An average adult male cat weighs between two and seven kilograms, while females weigh between 1.6 and 4.6kg. Coat colours vary from pure black to orange tabby. Feral and stray cats are widespread throughout New Zealand with dumped pets the cause of most populations.



Feral cats live in a wide range of habitats from farmland to forest. They tend to be solitary and territorial, with measured home ranges of more than 200 hectares. They mark their territory by secreting scent from anal glands, spraying urine, and droppings may be buried or left on the ground.

Females usually come in season – their breeding cycle – in July or August causing the males to become noisy and wander extensively. Gestation normally takes 58 days and two to four kittens are born in September or October. A second litter may be born later in the year.

At four to eight weeks, kittens emerge and play, at 10-12 weeks they accompany their mother on hunting trips and they are fully-grown at 10 months. Juveniles may move up to 10km from where they were born. Females are sexually mature at about one year old and males slightly older.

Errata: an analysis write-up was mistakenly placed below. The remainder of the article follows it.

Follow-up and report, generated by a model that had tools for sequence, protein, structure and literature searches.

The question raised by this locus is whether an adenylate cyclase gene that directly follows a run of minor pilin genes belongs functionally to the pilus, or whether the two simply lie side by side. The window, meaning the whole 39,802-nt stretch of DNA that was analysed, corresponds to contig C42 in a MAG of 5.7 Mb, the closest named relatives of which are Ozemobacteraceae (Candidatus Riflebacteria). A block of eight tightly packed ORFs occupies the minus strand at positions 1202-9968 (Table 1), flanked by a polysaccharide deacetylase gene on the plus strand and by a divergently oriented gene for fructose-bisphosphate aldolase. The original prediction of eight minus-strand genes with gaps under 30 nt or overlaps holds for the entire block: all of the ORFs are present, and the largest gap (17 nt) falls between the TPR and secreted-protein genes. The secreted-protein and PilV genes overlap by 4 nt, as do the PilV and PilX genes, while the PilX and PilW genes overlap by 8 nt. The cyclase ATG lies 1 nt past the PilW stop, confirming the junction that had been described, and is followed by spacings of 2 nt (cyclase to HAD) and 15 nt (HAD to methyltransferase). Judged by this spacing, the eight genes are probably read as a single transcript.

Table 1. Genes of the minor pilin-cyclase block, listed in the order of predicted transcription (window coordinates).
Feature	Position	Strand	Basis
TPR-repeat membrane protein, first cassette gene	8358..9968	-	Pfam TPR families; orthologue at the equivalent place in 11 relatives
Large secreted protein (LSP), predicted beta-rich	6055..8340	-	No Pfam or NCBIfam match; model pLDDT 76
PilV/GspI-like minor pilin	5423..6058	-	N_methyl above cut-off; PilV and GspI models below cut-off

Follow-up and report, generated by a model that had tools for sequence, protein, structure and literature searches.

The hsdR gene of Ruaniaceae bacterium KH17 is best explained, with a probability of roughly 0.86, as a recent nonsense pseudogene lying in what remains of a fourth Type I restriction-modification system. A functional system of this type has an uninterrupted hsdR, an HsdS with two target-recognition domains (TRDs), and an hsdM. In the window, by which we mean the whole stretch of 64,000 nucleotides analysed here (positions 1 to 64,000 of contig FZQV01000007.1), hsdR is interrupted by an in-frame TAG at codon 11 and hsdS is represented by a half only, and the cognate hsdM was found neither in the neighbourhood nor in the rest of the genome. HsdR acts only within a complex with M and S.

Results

The threat

Feral cats are mainly active at night, preying on small mammals such as rodents, small birds and eggs, fish, lizards and insects. They have very good vision and hearing, but their sense of smell is less sensitive.

It is estimated that cats kill up to 100 million birds in New Zealand each year. Many of the victims are natives such as tuis and kūkupa. Feral cats can carry parasites and Toxoplasmosis, which can infect humans.

Cats and dogs destroy kiwi

North Island saddleback, pied tit, tui and red-crowned parakeet were eliminated on Cuvier Island, off the Coromandel coast, mostly through predation by cats. Cats were introduced to Mangere Island, in the Chathams, to control rabbits but in addition had also eliminated at least two species of seabirds and most forest birds by 1950.

Kiwi deaths have been caused by pet dogs on daytime walks and by dogs not tied up at night, at home or camping. Cats and mustelids (ferrets, stoats and weasels) are also predators of kiwi.

The Whangarei Kiwi Sanctuary Study from 2000-2005 showed dogs were responsible for 42 % of kiwi deaths including 69 % of adult kiwi deaths. While the effective control of dogs is identified as the most critical part in ensuring the survival of kiwi, cats are attracted to the same kinds of wildlife.